Sue Cohen lived the good life. The life that she lived was full of meaning, full of comrades, reading, thinking and acting. Sue shared her life with her husband Milt, a truly decent man, who fought the good fight until he died several years ago. Sue met him on his way back to Chicago from fighting in the Spanish Civil War with the Abraham Lincoln Brigade. She fell and stayed in love. Together, they fought many battles over the years. With Milt, Sue was active in key movements of their time, from civil rights to union fights. She was involved in the women's movement and brought insights from consciousness raising groups to her relationship with Milt.

    I got to know Sue and Milt through the Hyde Park Branch of DSA, when I lived near them in the neighborhood. I had the privilege of learning from them the meaning of comrade. They shared their experience, their insights, their energy, their wisdom. But beyond these invaluable gifts, they also were able to connect with people to convey concern about their lives, their being. Sue and Milt were totally trustworthy.

    I remember the peace that I felt sitting with Sue in her living room. She would talk about the books that she read, the people whom we knew, the issues to be addressed.

    Sue and Milt demonstrated for me what a full life of active political engagement and deep human decency can be. They provided me with real living models of what I admire in human beings. And this living example has sustained me through times when the poor match of good politics but meager humanity could disillusion.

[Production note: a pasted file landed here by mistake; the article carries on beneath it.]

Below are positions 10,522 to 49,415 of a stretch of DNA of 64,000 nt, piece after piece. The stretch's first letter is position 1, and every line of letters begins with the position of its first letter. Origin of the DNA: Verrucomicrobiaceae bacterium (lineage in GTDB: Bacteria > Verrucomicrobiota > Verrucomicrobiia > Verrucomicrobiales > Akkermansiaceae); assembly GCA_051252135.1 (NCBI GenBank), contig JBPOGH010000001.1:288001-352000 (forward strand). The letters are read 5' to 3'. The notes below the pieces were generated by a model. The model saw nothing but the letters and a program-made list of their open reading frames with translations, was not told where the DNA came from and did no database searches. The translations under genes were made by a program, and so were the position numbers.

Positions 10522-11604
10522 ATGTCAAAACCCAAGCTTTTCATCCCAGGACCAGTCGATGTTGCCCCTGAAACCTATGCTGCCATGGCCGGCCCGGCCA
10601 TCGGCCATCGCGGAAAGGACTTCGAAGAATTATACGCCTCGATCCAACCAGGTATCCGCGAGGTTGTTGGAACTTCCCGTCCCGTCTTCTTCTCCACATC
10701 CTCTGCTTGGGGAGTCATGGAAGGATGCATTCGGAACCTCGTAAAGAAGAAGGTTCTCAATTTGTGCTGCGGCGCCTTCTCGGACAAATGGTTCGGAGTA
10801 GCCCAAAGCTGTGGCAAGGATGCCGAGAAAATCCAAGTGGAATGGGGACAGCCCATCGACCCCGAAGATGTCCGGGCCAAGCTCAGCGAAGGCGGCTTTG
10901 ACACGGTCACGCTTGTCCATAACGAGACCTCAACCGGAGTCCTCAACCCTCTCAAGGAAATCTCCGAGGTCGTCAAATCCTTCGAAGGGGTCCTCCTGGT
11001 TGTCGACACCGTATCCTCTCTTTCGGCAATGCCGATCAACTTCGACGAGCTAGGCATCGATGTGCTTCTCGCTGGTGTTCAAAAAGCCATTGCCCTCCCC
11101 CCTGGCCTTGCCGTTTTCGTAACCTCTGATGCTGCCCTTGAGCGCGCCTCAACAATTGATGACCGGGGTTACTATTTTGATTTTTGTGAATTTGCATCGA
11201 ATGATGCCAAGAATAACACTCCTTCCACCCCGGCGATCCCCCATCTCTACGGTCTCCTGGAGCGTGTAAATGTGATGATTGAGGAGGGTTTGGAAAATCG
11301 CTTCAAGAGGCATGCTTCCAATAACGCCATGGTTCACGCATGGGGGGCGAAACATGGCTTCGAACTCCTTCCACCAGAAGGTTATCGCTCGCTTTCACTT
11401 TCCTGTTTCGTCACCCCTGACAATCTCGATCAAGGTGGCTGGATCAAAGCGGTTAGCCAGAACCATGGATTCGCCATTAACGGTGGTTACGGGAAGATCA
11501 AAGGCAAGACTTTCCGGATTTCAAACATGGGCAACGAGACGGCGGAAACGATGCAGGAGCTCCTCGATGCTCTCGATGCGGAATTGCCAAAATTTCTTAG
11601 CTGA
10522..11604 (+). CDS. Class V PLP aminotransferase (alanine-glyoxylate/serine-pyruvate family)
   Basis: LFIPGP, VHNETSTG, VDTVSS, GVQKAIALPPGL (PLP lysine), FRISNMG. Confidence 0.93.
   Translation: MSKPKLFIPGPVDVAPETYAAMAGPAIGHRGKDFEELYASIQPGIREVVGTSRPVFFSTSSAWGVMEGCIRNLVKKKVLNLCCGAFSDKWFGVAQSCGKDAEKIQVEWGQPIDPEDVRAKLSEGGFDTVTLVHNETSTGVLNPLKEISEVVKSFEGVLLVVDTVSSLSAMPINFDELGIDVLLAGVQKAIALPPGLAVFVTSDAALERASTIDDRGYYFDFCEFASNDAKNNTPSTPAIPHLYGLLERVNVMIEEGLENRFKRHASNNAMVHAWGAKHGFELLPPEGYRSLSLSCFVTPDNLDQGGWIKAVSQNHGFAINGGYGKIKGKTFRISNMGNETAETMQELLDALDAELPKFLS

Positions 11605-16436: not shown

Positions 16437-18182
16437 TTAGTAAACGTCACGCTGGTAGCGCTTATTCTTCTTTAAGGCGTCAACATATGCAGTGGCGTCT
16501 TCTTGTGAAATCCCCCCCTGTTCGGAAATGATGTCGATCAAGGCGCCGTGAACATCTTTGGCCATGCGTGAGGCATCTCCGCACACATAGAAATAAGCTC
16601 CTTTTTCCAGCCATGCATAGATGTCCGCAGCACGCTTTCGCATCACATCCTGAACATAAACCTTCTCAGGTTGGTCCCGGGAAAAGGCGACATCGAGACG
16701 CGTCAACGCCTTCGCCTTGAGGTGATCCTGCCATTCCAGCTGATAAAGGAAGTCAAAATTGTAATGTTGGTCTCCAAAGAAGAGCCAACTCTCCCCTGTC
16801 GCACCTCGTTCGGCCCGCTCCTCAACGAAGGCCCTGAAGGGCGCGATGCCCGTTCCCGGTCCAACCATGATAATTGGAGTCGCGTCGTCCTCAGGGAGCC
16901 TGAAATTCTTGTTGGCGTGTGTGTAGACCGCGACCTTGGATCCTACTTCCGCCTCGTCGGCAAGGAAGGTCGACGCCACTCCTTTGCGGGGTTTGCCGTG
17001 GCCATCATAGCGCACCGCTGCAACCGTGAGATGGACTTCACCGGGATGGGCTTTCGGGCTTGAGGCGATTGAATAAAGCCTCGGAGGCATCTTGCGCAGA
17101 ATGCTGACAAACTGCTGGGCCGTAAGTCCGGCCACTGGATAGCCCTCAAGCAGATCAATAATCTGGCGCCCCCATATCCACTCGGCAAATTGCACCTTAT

A few days before I sat down to write this remembrance of Sue, I was asked about influences on my life, and why I am now working to strengthen neighborhoods in the Bronx. I was silent for a moment and thought. And the image of Sue came into my mind's eye. She had a profound influence on me, because she showed me how I hope to live. To honor Sue, I can try to follow her example and aspire to a life of engagement and decency. We all can.

     

    Sue Cohen, We Miss You

    by Vicky Starr

    Sue Cohen, 86, died on the 3rd of July. Her husband, Milt Cohen, passed away in January, 1994. They have been missed by all of their Chicago friends since they moved to Portland, Oregon to be with their daughter and her family.

    One more old-timer will not be with us. Sue was in frail health. She died instantly of a heart attack.

    Several of us who kept on communicating with her were the beneficiaries of her wisdom and keen intellect. Sue was always up to date on the political scene. Because of her prolific reading, she was able to suggest good books for the reading menu.

    For those of us who spoke with her regularly, our lives are diminished. She will be sorely missed.

     

    Sue and Milt Cohen

    For fifty years you two have put your lives on the line in unflagging struggle for a better world. While Milt went to Spain to fight fascism with the Abraham Lincoln Brigade, Sue worked with the Unemployed Councils and stood courageously against police terror in the 1937 Republic Steel Company massacre.

    When you were called before the House UnAmerican Activities Committee, Milt, you stood up for all Americans by insisting for nine long years that we have a right to express our political beliefs. You carried on your struggle for civil liberties and against political harassment through the Chicago Committee to Defend the Bill of Rights.

    You both worked in the civil rights movement. Milt, your efforts with the Jewish Council on Urban Affairs to build coalitions of Jews, African-Americans, and Hispanics have helped heal this city's divisions. You then applied these skills to movements of the handicapped and the poor.